Why palaeontologists must break the law: a polemic from an apologist

Research output: Contribution to specialist publicationArticle

Abstract

This essay, opinion piece - rant, even - is my personal protest about ill-conceived legislation enacted by national governments to 'protect' fossils (e.g. Germany, Brazil, Australia, Canada and China to name but a few ). Legislation that renders fossil collecting illegal is not actually about protecting fossils because it rarely achieves this aim. What it does do is curtail people's freedom to collect and own fossils... surely a thoroughly harmless pastime. Such legislation also stifles the assembly of aesthetically appealing, and potentially scientifically important collections that, over time, become part of the fabric of our scientific and cultural heritage (e.g. the fabulous Etches collection on the UK's Jurassic Coast World Heritage Site (Williams 2017)), and it surely stifles scientific endeavour: the fewer fossils that come out of the ground, the fewer there are for palaeontologists to work on, or the public to admire (in museums or in their own collections). Fossils are not part of any nation's heritage, palaeontological or cultural while they remain undiscovered in the ground. As a jobbing palaeontologist I want fossil collecting to be a pastime enjoyed by all, and it will only do so if everyone is permitted to collect, not just a privileged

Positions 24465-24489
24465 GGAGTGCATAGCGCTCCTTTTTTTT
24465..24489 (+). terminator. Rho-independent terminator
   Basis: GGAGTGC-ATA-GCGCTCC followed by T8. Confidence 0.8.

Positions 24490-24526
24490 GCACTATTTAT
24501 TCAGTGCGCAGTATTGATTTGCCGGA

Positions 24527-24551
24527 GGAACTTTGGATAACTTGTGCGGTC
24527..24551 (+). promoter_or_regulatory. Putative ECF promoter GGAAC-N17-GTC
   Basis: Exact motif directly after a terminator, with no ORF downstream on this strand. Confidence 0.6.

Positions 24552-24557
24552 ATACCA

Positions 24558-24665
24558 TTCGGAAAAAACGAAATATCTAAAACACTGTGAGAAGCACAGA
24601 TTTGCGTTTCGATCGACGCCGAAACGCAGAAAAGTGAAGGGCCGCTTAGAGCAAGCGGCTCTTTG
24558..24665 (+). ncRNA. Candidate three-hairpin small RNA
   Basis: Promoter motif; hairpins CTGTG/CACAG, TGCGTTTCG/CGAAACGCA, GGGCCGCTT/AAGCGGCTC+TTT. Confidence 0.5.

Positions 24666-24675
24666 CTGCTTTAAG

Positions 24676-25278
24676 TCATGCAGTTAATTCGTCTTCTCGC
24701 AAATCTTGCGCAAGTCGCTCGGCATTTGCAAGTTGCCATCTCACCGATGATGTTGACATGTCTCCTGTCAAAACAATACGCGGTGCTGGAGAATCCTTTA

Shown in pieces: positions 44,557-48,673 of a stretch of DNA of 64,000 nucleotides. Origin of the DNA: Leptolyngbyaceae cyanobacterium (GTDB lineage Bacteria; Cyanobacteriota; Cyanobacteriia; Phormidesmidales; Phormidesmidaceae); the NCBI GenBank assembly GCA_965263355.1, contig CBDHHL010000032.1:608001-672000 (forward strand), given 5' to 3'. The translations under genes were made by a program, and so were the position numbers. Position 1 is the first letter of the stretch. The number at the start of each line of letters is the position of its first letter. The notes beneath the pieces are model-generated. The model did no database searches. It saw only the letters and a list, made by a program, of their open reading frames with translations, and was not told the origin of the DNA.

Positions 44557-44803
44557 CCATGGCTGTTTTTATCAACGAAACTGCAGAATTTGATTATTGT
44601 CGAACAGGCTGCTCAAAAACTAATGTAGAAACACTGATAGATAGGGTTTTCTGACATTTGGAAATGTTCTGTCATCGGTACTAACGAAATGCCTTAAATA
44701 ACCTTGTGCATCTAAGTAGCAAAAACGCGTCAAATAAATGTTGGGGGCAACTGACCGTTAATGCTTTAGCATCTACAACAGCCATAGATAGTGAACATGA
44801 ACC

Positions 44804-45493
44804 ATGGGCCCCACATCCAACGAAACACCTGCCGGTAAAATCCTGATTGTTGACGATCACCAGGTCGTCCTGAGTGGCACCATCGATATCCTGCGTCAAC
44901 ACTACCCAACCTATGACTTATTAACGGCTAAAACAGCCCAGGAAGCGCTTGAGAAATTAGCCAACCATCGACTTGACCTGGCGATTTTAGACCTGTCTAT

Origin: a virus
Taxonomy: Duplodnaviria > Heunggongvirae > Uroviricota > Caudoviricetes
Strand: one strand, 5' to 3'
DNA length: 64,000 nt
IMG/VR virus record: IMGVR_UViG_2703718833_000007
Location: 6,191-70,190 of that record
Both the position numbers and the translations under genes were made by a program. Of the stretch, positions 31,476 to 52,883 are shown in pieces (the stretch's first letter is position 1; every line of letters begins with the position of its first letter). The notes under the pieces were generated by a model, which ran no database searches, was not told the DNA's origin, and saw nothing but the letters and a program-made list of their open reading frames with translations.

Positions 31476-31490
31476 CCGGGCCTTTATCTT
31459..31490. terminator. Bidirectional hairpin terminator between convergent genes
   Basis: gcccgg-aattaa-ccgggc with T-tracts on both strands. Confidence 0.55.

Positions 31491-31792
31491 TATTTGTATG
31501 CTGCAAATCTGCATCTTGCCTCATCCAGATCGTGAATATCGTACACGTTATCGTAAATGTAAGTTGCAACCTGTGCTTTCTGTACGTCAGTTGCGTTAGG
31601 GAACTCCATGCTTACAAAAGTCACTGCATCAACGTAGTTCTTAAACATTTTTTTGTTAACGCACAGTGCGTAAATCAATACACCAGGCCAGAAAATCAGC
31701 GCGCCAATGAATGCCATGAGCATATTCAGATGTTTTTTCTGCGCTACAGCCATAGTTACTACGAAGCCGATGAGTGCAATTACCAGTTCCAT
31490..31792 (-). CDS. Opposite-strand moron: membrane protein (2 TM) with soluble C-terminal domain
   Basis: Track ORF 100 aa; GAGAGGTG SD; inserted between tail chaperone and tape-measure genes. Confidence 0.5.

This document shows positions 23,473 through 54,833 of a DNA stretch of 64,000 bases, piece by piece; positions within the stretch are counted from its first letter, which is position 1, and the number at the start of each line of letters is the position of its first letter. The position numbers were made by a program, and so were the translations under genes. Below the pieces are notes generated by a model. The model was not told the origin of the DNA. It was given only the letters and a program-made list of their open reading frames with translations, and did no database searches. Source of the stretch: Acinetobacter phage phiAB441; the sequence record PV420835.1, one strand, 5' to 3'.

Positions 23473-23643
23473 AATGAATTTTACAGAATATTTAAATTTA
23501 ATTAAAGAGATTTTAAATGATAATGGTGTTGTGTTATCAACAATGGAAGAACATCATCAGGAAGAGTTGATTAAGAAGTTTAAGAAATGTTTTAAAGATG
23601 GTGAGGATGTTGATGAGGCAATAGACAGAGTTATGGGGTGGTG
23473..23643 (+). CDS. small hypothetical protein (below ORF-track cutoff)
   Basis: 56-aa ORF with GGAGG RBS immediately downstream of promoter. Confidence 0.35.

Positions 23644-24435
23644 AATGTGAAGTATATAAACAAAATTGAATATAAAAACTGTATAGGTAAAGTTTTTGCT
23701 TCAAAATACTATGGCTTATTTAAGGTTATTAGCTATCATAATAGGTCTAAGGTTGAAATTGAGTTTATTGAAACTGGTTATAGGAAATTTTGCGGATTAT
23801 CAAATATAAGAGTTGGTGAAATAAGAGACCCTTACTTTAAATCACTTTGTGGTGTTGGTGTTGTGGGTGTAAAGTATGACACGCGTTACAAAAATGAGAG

few.
Original languageEnglish
Volume10
No.10
Specialist publicationThe Geological Curator
PublisherThe Geological Curators' Group
Publication statusPublished - 1 Dec 2018

Fingerprint

Dive into the research topics of 'Why palaeontologists must break the law: a polemic from an apologist'. Together they form a unique fingerprint.

Cite this